07/11/2001 11:00PM

Last scions of mighty Mr. Pro

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LEXINGTON, Ky. - Keeneland's July selected yearling sale, which will be held in Lexington on Monday and Tuesday nights, will be the beginning of the end of Mr. Prospector's reign in the auction ring.

The stallion, who rose from a workmanlike race record to become one of the era's most fashionable and profitable sires, died in June 1999 at 29. One man who expects to be on hand to witness this landmark moment in Mr. Prospector's successful Keeneland July story is Gus Koch. An assistant manager at Claiborne Farm in Paris, Ky., where the great sire stood and now is buried, Koch understandably will be interested to see how the last yearlings sell, starting with the seven offered at Keeneland July.

But he doesn't expect to be emotional.

"It is the end of an era," Koch said recently. "Mr. Prospector had a long, successful career here, and he had a long life. Losing him was very sad. The last crop going through the ring is a little anticlimactic."

But it will stoke memories for Koch and others who have seen generations of the stallion's progeny bring dramatic sums of money at the July auction after heated bidding.

The high-water mark, at least for the July sale, came last year, just a month after Mr. Prospector's death, when Padua Stables paid $3.6 million for his daughter out of Molly Girl. Later that year, at Keeneland's September auction, a Mr. Prospector colt out of Voodoo Lily did even better, bringing $4.4 million from Demi O'Byrne.

Overall, Mr. Prospector was Keeneland July's leading sire by sale average (three or more sold) six times: from 1992 to 1995, when his average ranged from $536,875 to $601,429, again in 1998 with an average price of $1.6 million, and finally last year with a $1,477,143 average.

"They seemed to win everywhere," Koch said of Mr. Prospector's foals. "Every time you'd pick up the Form, there was a Mr. Prospector winning somewhere in the world.

"They were not fancy," he added. "He wasn't fancy and his foals weren't fancy. But, my gosh, he must have put a lot of heart in them."

Anne Campbell dead

Anne Campbell, Kentucky's broodmare of the year in 1999, died May 10 at Arthur Hancock III's Stone Farm in Paris. She was 28.

"We assume it was heart failure," said Hancock. "She died in her sleep and was in her paddock. She had a good life."

Anne Campbell (Never Bend - Repercussion, by *Tatan) was the dam of Grade 1 winners Menifee and Desert Wine; stakes-winner Arsaan; and stakes-placed Excavate and Dupree. Her stakes-producing daughters include Mr. P's Princess, dam of English, Irish, and French champion Fasliyev; and Dame Sybil, dam of Alannan, Never Speaking, and Princess Sybil.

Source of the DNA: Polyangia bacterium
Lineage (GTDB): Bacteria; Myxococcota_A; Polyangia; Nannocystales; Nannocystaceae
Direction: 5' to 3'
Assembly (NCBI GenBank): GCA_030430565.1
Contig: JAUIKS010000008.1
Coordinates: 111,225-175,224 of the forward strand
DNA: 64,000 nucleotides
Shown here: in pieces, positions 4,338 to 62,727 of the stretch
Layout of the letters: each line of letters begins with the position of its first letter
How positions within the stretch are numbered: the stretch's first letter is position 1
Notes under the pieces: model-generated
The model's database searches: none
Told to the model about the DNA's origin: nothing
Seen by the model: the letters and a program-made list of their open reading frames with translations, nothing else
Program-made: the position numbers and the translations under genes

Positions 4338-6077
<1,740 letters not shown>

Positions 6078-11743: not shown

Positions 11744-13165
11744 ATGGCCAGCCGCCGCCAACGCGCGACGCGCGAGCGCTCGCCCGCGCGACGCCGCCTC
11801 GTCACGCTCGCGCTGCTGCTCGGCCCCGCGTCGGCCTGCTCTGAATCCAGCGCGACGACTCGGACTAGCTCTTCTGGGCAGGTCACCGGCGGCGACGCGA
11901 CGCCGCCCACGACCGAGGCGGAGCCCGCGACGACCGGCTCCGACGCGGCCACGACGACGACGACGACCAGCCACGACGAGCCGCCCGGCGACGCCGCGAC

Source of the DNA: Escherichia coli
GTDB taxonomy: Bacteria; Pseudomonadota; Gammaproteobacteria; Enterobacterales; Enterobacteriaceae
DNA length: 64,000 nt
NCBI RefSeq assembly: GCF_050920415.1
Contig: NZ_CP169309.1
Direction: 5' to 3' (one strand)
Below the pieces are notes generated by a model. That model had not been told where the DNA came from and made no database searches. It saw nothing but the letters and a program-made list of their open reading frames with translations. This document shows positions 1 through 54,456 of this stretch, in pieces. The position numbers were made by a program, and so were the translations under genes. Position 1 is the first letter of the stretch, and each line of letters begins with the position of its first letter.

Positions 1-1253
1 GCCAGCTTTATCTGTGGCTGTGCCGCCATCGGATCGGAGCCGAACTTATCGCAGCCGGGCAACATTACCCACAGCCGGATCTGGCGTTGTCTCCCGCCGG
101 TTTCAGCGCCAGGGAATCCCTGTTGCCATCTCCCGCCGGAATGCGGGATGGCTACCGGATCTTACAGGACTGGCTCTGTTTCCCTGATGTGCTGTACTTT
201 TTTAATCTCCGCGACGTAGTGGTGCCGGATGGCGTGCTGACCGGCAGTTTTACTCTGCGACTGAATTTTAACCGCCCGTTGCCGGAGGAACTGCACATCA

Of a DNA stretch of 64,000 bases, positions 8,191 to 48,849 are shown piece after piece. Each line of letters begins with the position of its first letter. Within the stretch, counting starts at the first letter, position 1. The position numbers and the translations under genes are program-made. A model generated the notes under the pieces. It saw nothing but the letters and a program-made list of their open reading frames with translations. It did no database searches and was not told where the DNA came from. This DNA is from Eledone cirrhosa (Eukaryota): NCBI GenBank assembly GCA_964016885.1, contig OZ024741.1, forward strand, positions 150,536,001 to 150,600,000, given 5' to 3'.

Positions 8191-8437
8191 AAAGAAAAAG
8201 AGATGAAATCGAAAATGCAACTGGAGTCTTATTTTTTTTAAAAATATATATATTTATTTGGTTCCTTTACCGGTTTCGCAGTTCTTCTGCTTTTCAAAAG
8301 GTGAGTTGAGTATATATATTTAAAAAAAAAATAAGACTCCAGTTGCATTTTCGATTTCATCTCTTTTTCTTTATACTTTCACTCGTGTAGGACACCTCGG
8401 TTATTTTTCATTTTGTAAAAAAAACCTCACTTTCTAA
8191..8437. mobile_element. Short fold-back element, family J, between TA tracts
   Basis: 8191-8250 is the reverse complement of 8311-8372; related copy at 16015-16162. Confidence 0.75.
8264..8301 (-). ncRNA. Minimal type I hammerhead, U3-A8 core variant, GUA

Plenty of Light retired

Plenty of Light, winner of last year's Grade 1 Spinster Stakes, has been retired by owners Aaron and Marie Jones. A 4-year-old Colony Light filly, she had not run since her Spinster win last October and has been retired because of a recurrent suspensory problem in her left front leg.

She will bred to Forestry, who is owned by the Joneses and Taylor Made Farm.

Plenty of Light, a daughter of Iceycindy (Northrop), also won the fillies division of the restricted OBS Championship Stakes last year in Ocala. She also placed in two other stakes in 2000: the Grade 1 Gazelle Handicap, where she finished second, and the Grade 3 Duchess Stakes, where she ran third. She retires with a career record of 7-5-1-1 and total earnings of $510,420.

Plenty of Light is a half-sister to stakes-winner Cold Snap and stakes-placed Rule Brittania.

In the news

* Breeders Robert and Beverly Lewis have reversed plans to sell the second yearling out of their champion 3-year-old filly Serena's Song. Denali Stud would have consigned the colt, by Deputy Minister, to the Keeneland July sale's opening session Monday night. Craig Bandoroff of Denali said the Lewises also have withdrawn their Gone West-Storm Beauty (Storm Cat) filly from Keeneland July and plan to race both horses.

* The Kentucky Thoroughbred Association/Kentucky Thoroughbred Owners and Breeders have announced new officers: Alex Rankin, president; John T. Ward Jr., vice-president (KTA); Bill Landes, vice-president (KTOB); Robert Clay, secretary; Charles Nuckols III, treasurer; Bill Thomason, assistant treasurer. Also elected to serve three-year terms as directors were Jim Bell; Robert Courtney Jr.; Dr. William Fishback Jr.; John T. L. Jones Jr.; Bill Landes; Don Robinson; Tom Thornbury; Jeff Thornbury; and Anthony Reinstedler.

* Fasig-Tipton, which will conduct its two-day July selected yearling sale at Newtown Paddocks in Lexington on Wednesday and Thursday, has announced that it will add a New Sire Showcase to its Nov. 4 mixed sale. The showcase, already a standard part of Fasig-Tipton's July sale, will feature foals by stallions with first crops in 2000 and 2001. Breeding stock sales director Dennis Lynch said the sale catalog will be limited to 100 lots, and weanlings will be subject to pedigree evaluation and physical inspection.